Photo courtesy of UK's Tripe Marketing Board
FROM THIS EPISODE
Micro-farmer and master food preserver Jollen Gibbs recently led a hands-on poultry processing and butchering workshop with birds raised on her La Habra Heights ranch, Barley's Farm. She taught how to humanely kill, de-feather, and process a chicken cleanly and efficiently. Freelance reporter Shara Morris attended the workshop and shadowed attendees Kieran and Kamila Smith. The event was coordinated by Slow Food LA. Their mission is to reconnect Americans with the people, traditions, plants, animals, fertile soils and waters that produce our food.
We have photos of the workshop on the Good Food blog.
Music: "Infinite Reflection" by Kaleidescope Jukebox
Cosmo Goss is the chef de cuisine at The Publican in Chicago. Previously, he was head butcher at Publican Quality Meats, where he learned the art of whole animal butchery. He professes his love of rabbit kidneys and insists that sweetbreads can taste like a better version of McDonald's chicken nuggets.
Music: "A Small Escape" by Fly" by Pony
Jonathan Gold is the Pulitzer Prize winning food writer for the LA Times. He admits that even critics and food lovers have certain dislikes. He divulges the foods that make him say, "Yuck!" and they just might surprise you. If you want to hear about something Jonathan does like, you can listen to his review of Burritos La Palma on the Good Food blog.
After an unfortunate culinary encounter with sea snails, Good Food producer Gillian Ferguson returns to the scene of the incident to confront the gastropods once again. Chef Lisa Giffen of Maison Premiere in Brooklyn guides her through the experience explaining the joys of cooking and eating sea-dwelling gastropods.
Music: "3 Days" by Rhye
Abbie Fentress Swanson is an independent radio reporter covering agriculture, food production, science, health and the environment. She recently started writing a book on the environmental impacts of meat production as part of a 2014-2015 Knight-Wallace fellowship.
In this story she travels to Northern California where dairy farmers are using methane digesters to convert creamery waste and cow manure into energy.
Bugs are high in nutritional value and require little food or water. Plus, a low-carbon footprint makes them very attractive here in drought stricken California. But are Americans ready to eat bugs? The owners behind LA's first cricket farm hope the answer is yes. KCRW's Avishay Artsy reports.
This week market manager Laura Avery talks with Sara Kramer, chef and co-owner of Madcapra in the Grand Central Market. Karmer is shopping for Chinese and Japanese eggplant varieties, which she favors for their sweet taste and minimal bitterness. She seasons and grills them with olive oil and salt for her eggplant and plum salad.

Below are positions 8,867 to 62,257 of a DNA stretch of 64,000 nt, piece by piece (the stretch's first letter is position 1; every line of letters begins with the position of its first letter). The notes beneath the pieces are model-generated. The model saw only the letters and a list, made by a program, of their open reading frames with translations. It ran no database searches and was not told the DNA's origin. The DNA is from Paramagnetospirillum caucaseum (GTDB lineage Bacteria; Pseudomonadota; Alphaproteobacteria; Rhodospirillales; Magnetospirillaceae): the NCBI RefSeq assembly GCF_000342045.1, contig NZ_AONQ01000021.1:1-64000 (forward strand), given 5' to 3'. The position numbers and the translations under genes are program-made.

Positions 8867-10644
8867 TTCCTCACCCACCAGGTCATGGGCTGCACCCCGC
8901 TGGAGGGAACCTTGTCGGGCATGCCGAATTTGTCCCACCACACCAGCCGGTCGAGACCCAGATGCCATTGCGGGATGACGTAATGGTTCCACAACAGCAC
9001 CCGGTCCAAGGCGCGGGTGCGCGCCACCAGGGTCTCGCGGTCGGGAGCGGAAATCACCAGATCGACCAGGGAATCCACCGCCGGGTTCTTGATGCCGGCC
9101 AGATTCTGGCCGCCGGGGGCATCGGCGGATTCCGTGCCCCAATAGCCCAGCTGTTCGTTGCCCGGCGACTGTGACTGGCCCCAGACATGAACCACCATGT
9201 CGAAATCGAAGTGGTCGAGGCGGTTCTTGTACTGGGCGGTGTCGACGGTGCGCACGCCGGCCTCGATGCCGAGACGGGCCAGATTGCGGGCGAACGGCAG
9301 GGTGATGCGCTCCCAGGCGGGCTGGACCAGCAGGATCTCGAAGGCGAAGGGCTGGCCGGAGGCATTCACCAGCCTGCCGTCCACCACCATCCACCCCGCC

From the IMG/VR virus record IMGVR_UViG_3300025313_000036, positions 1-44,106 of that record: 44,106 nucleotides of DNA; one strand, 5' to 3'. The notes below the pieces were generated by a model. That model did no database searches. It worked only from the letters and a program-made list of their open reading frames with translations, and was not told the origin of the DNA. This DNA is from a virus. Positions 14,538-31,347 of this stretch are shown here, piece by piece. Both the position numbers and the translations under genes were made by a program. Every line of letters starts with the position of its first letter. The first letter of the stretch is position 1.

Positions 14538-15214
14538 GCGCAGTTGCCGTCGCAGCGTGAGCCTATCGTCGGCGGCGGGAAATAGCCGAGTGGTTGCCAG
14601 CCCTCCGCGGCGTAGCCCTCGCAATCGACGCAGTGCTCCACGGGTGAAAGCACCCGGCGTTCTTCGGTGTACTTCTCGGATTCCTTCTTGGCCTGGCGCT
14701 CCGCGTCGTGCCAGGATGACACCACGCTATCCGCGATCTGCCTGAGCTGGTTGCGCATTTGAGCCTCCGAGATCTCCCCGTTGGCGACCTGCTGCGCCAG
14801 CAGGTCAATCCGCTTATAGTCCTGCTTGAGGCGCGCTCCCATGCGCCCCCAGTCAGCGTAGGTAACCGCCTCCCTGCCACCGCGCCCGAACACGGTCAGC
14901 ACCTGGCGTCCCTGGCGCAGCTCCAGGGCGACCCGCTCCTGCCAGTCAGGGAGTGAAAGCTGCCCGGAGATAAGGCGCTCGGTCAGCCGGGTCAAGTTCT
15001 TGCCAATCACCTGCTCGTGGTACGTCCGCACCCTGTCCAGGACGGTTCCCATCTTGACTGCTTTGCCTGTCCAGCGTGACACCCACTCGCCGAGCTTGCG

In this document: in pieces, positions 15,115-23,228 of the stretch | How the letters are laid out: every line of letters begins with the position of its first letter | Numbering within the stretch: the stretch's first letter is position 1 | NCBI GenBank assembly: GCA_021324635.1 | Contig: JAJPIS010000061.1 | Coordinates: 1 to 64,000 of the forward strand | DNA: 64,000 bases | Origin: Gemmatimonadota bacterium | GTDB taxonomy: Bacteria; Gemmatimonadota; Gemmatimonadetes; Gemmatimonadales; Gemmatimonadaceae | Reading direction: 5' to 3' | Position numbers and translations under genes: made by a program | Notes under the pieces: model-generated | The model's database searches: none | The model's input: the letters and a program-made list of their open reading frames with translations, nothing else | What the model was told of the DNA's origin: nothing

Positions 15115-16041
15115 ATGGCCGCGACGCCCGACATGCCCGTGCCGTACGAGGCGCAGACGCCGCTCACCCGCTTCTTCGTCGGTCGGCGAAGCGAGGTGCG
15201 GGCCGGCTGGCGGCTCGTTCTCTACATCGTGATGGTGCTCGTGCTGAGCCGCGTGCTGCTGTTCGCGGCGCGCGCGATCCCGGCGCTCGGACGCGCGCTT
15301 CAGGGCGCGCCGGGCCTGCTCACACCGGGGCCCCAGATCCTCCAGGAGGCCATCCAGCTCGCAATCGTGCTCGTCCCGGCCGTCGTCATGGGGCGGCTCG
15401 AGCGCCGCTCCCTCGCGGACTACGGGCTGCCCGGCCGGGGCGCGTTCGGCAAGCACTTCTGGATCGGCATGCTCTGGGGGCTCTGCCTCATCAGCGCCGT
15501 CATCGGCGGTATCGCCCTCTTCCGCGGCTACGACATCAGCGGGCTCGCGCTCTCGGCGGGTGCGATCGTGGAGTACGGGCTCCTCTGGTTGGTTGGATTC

Farmer Scott Peacock of Peacock Family Farms is back at the market with his prized eggplants. This season he planted sixteen varieties including the Chinese and Japanese varieties Sara Kramer uses at Madcapra.
Music: "Oooh" by De La Soul
More From Good Food
The Farm Show We revisit our conversation on the state of America’s farmlands and the people that control our nation’s agriculture. As policy, the climate, and the country’s needs change, we examine some of the greatest challenges facing the farming community: new legislation, modern farm life, escalating suicide rates amongst farmers, and more.
The Water Show Water may be the essence of life but it’s subject to near-constant misuse. Journalist Mark Arax profiles a couple running a water monopoly in the Central Valley. A once abundant Cambodian lake is in decline, leaving fisherman and half the population scrambling for fish. We’ve heard of using less water but what about eating less water? And Mark Gold (Jonathan’s brother) shares tips on water conservation in LA.
Chicago's South Side barbecue, a Koreatown guide, and food in cinema The South Side of Chicago has a rich barbecue heritage, but only half the city seems to know. Chef Nyesha Arrington’s restaurant Native pays homage to the city that made her. Jonathan Gold shares his favorite restaurants in Koreatown. A touching biography of cookbook author Paula Wolfert wins a best cookbook award. And it turns out, many of this year’s Oscar-nominated films are actually all about food.
Brian Boitano, José Andrés' philanthropy, Pete Wells on harassment Brian Boitano shares the struggle that many figure skaters have with food. Kim Severson talks about Chef José Andrés’ humanitarian work in Puerto Rico. Pete Wells asks why restaurateurs and chefs are issuing tepid responses to sexual harassment scandals. Meanwhile, Jonathan Gold ventures a review of The Hearth & Hound in Hollywood. And we’re checking out a different market this week: Smorgasburg LA.
LATEST BLOG POSTS
James Beard Award’s 2018 nominations are here! Hear them again. Over the last year, we’ve had hundreds of guests stop by KCRW to chat about recipes, food politics and beyond. We were happy to see some of their names among the 2018 James Beard Award nominees! Revisit the conversations we had with these leaders in food writing, reporting, making, and eating. Read More
Like water for quiche: a low-water recipe An ordinary egg takes roughly 23 gallons of water to produce. Author Florencia Ramirez wants cooks to know there are options for buying eggs which solely use rainwater, also known as ‘green water.’ Read More